“Tickety Bu? Tickety Bu, also spelled Tickety Boo and Tiggerty Boo, is a phrase that means, “everything’s alright”. There is argument whether it originated in England, Scotland or India and may have come from a Hindi expression “tickee babu” which means “all alright”. It seemed to fit why I love bamboo and why I started the company and honestly, I like the sound of it. It harkens back to a simpler life, just the way things should be.”

Threefishshop specializes in “handcrafted, premium, unique headwear made with the finest natural and organic yarn.

We think it’s important to use the very best materials in our creations to reflect our high standard of craftsmanship. When possible we like to use handcrafted yarn and other materials to support our fellow crafters.”

New to her shop is the Original Waffle Weave Brim Beanie
 fun for your child to live in and for photo shoots too!
Thanks for looking! It is a pleasure to bring you all the new treasures from these fine crafts folk/artists. Please visit again next Monday as we make our way through the alphabet, featuring all the fantastic members of the Naturakids team on etsy! Til then, I invite you to browse all our wonderful shops.

Rebecca aka Nushkie

Posted on

What’s New, and, Well, Natural from the Natural Kids Team on Etsy

I’m so thrilled to take over the post of highlighting new goodies in the shops of the artists and crafts men and women of the Natural Kids team on Etsy. Please check in here every Monday for recently posted fresh picks from our team members for when what you want for your family comes…naturally!

Here are the first few as we go in alphabetical order….reverse order that is!

Nothin’ here but us chickens! Here’s a fun patten to delight any knitter in the house by Yarnmiracle. “Yarn Miracle specializes in Companion Animal Placement. Each of my animals, large or small, is hand knit with the structure, durability, good looks and charm required in a stuffed playmate. I choose natural, sustainable, humanely grown fibers and fillings to create conscious, comfortable, eco-friendly companions for all ages…”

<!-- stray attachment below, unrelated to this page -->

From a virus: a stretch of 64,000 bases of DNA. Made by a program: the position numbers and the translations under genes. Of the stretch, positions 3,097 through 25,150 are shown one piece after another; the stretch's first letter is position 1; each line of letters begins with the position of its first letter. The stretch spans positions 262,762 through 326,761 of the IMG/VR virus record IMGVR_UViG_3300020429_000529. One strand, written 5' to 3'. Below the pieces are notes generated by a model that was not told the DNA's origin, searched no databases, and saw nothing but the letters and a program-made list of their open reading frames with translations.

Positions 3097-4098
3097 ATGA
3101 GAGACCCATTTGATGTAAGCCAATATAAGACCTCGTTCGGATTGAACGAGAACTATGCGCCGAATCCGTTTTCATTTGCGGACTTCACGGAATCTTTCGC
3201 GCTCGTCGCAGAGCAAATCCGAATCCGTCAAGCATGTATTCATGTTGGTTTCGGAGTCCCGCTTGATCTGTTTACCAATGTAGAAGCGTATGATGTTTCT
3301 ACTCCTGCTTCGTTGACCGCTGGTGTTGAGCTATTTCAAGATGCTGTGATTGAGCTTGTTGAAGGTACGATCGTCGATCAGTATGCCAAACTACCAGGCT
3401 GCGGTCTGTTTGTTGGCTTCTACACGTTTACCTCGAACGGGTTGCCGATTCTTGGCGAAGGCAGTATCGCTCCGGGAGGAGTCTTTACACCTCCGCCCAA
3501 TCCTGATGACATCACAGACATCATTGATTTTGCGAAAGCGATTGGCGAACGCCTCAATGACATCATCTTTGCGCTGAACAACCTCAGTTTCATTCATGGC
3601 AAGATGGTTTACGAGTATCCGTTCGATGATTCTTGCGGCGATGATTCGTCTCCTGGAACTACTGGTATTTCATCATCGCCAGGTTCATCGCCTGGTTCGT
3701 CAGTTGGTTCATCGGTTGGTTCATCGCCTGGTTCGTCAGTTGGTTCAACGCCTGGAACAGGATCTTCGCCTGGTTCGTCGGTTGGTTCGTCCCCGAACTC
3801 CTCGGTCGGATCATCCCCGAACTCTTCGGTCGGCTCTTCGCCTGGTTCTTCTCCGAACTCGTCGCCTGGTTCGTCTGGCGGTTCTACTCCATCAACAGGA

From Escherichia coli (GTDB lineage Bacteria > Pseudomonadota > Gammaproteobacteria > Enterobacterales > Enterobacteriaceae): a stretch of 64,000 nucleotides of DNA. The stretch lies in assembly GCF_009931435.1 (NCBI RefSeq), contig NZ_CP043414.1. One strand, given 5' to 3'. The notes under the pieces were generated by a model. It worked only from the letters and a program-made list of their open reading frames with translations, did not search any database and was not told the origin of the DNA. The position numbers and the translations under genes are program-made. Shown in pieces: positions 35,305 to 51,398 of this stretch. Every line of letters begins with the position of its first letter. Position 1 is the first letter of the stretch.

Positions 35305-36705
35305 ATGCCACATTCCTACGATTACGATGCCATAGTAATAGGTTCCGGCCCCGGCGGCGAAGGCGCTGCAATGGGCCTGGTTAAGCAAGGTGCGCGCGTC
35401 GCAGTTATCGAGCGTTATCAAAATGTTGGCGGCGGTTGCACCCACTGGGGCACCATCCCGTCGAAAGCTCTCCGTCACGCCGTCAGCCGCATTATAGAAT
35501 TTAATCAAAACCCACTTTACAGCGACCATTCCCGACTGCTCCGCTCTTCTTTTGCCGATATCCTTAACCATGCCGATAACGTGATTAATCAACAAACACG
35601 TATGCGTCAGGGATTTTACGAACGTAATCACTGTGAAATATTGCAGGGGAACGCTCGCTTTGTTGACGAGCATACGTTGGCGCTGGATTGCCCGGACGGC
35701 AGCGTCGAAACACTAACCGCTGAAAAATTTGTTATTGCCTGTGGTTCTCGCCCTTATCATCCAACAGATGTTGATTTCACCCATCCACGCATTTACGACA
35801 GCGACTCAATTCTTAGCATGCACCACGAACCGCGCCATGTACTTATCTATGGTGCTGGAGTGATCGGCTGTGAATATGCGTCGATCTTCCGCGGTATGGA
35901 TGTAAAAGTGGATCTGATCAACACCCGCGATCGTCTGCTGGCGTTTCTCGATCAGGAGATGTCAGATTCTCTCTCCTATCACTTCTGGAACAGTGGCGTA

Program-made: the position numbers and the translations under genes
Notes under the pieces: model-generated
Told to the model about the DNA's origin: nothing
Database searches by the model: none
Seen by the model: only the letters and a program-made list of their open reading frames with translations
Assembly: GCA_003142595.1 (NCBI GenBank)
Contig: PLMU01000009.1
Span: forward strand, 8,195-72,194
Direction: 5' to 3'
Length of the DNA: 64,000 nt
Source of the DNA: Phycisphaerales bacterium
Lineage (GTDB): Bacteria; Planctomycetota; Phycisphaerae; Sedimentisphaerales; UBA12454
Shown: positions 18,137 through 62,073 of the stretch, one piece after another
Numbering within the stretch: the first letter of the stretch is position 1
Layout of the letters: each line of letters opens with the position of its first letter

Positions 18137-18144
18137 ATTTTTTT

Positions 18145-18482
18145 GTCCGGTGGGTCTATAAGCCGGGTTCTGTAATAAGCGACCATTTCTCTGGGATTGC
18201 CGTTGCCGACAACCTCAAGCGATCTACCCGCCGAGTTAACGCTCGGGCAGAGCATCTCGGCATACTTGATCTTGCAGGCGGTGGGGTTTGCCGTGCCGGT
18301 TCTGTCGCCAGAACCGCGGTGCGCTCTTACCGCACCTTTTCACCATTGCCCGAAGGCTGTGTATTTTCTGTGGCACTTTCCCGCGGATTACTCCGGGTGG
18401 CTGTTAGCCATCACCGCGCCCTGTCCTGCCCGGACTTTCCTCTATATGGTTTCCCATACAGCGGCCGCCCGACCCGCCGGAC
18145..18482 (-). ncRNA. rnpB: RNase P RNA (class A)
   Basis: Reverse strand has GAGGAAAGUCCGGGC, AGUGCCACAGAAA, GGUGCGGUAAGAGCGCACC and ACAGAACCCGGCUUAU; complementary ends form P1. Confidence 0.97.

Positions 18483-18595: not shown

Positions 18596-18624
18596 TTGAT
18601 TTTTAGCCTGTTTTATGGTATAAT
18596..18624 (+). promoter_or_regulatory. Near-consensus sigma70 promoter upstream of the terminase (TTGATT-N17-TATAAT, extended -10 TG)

Woolies is “home of heirloom quality knitted and sewn stuffed animals and dolls. Using all natural materials, always.” Here is Sara’s newest: a delightful hand knit horse…a lovely plush toy for any child.
You can find so many delightful hand knit treasures in her shop!

Here’s what a recent customer said: “Boutique quality and absolutely adorable. I love the all organic yarn and stuffing. Also I loved being able to custom design such an adorable snuggly for my daughter. Thanks!”

Woolhalla specializes in “heavenly all-natural Waldorf & dollhouse dolls and wool felt animals.”

Here’s where the name comes from: “With the risk of being struck by a thunderbolt from Thor… the name Woolhalla is a play on the heavenly home of the gods/godesses Valhalla. When I look out my front window across the lake nearby I can see Mt. Loki, named after one of the Norse gods.”

Here is her sweet valentine dollhouse doll.

Queen of Etsy’s front page…Woodmouse features handcrafted wooden toys and Waldorf toys made to inspire stories. “My toys are made to encourage creative play and their magic is shown best in the hands of children. I love to hear about the stories, personalities and scenarios children invent with my toys!”
Here is Amber’s Wee Wooden House Quartet!


More sustainable goodies from… Wood Toy Shop  is now solar powered! Most of the wood comes from mill ends and scrap from cabinet shops…all the trees are left standing for you children to enjoy! “I am pleased to bring a collection of finely crafted wooden heirloom toys. If you are looking for a gift of lasting value, a wood toy is a wonderful choice. ” Here’s the latest for when your child simply must chat on the phone: a wood toy phone!

Thank you for looking, reading, browsing. I’ll be featuring more next Monday as I work my way back down the alphabet.  Til then, stay healthy, joyful and filled with wonder!

Warmly, Rebecca aka Nushkie 🙂

Posted on

New Items from The NaturalKids Team

Team members were busy last week making lots of natural goodies for kids! Take a peek: